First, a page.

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This paper aims at assisting empirical researchers benefit from recent advances in causal inference. The paper stresses the paradigmatic shifts that must be undertaken in moving from traditional statistical analysis to causal analysis of multivariate data. Special emphasis is placed on the assumptions that underly all causal inferences, the languages used in formulating those assumptions, and the conditional nature of causal claims inferred from nonexperimental studies. These emphases are illustrated through a brief survey of recent results, including the control of confounding, the assessment of causal effects, the interpretation of counterfactuals, and a symbiosis between counterfactual and graphical methods of analysis.
Sensitivity analysis for instrumental variables regression with overidentifying restrictions
 Journal of the American Statistical Association
, 2007
"... for valuable comments on a draft and to Joshua Angrist, Ed George and Paul Rosenbaum for insightful discussion. The author also thanks the associate editor and three referees for Instrumental variables (IV) regression is a method for making causal inferences about the effect of a treatment based on ..."
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Cited by 10 (4 self)
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for valuable comments on a draft and to Joshua Angrist, Ed George and Paul Rosenbaum for insightful discussion. The author also thanks the associate editor and three referees for Instrumental variables (IV) regression is a method for making causal inferences about the effect of a treatment based on an observational study in which there are unmeasured confounding variables. The method requires one or more valid IVs; a valid IV is a variable that is independent of unmeasured confounding variables and has no direct effect on the outcome. Often there is uncertainty about the validity of the proposed IVs. When a researcher proposes more than one IV, the validity of the IVs can be tested via the “overidentifying restrictions test.” Although the overidentifying restrictions test does provide some information, the test has no power versus certain alternatives and can have low power versus many alternatives due to its omnibus nature. To fully address uncertainty about the validity of the proposed IVs, we argue that a sensitivity analysis is needed. A sensitivity analysis examines the impact of plausible amounts of invalidity of the proposed IVs on inferences for the parameters of interest. We develop a method of sensitivity analysis for IV regression with overidentifying restrictions that makes full use of the information provided by the overidentifying restrictions test, but provides more information than the test by exploring sensitivity to violations of the validity of the proposed IVs in directions for which the test has low power. Our sensitivity analysis uses interpretable parameters that can be discussed with subject matter experts. We illustrate our methods using a study of food demand among rural households in the Philippines.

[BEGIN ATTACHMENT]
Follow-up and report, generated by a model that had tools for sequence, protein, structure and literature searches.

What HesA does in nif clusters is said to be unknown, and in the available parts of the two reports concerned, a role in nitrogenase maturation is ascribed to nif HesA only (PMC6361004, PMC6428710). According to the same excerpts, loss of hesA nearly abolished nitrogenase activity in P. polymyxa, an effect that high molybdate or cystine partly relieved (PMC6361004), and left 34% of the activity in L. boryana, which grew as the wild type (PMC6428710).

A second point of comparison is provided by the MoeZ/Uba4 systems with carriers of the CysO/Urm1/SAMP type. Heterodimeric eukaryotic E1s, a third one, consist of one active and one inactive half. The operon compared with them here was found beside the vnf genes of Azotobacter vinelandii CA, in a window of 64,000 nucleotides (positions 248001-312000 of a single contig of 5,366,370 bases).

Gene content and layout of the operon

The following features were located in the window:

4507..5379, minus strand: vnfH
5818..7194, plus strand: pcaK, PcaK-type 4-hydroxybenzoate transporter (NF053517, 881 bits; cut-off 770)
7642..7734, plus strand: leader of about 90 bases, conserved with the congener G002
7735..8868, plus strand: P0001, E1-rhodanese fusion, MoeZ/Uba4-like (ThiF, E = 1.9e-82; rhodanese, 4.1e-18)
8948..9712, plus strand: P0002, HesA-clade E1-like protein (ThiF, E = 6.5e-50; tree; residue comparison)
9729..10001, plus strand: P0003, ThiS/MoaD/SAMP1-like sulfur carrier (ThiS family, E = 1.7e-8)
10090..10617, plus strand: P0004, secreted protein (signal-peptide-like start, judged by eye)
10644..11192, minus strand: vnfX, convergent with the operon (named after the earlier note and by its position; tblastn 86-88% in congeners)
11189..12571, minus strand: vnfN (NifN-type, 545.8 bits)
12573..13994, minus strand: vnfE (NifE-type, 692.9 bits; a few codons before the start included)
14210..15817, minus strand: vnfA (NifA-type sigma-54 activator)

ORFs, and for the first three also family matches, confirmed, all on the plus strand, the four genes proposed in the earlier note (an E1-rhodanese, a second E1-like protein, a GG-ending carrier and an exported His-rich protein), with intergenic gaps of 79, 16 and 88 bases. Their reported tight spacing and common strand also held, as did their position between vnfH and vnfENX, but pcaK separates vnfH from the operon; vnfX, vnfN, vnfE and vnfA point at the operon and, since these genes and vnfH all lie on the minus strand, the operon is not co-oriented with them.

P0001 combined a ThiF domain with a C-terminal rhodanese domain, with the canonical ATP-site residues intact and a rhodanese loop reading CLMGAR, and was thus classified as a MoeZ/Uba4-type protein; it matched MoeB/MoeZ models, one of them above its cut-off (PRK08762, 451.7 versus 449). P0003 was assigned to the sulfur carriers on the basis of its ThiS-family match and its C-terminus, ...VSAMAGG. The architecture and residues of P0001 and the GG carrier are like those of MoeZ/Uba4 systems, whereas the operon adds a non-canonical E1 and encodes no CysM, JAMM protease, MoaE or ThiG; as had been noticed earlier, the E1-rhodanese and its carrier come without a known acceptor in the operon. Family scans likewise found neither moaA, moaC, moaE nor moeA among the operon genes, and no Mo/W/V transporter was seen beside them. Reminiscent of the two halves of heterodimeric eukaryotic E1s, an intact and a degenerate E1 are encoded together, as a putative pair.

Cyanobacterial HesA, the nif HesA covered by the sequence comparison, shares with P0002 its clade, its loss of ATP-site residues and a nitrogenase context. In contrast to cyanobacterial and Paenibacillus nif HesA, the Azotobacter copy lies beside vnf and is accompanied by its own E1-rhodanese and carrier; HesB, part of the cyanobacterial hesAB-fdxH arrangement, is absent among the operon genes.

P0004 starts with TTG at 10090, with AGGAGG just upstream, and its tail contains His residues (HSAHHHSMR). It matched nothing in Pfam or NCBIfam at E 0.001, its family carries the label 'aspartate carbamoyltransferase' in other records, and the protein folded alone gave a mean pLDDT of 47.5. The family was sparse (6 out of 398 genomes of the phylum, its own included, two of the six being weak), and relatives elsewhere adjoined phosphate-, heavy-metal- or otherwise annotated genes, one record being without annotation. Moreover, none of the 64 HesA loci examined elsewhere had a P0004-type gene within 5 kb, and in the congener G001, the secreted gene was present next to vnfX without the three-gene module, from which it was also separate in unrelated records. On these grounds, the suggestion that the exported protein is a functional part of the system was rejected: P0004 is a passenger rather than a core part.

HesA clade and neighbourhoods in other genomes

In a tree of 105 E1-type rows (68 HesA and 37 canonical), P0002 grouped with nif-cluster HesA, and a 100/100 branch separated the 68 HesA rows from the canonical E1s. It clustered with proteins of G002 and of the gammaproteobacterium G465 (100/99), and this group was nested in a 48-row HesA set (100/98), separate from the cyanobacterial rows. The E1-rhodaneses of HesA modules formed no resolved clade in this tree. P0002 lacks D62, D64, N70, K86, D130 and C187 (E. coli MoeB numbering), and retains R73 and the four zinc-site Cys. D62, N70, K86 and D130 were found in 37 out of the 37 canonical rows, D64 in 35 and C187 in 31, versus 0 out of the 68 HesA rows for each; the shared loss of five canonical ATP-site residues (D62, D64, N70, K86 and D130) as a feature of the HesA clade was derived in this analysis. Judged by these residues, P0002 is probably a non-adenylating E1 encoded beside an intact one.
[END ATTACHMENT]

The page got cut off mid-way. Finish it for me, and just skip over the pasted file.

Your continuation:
Causal Inference in the Health Sciences: A Conceptual Introduction
 Health Services and Outcomes Research Methodology
, 2001
"... This paper provides a conceptual introduction to causal inference, aimed to assist health services researchers benefit from recent advances in this area. The paper stresses the paradigmatic shifts that must be undertaken in moving from traditional statistical analysis to causal analysis of multivari ..."
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Cited by 7 (0 self)
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This paper provides a conceptual introduction to causal inference, aimed to assist health services researchers benefit from recent advances in this area. The paper stresses the paradigmatic shifts that must be undertaken in moving from traditional statistical analysis to causal analysis of multivariate data. Special emphasis is placed on the assumptions that underlie all causal inferences, the languages used in formulating those assumptions, and the conditional nature of causal claims inferred from nonexperimental studies. These emphases are illustrated through a brief survey of recent results, including the control of confounding, corrections for noncompliance, and a symbiosis between counterfactual and graphical methods of analysis.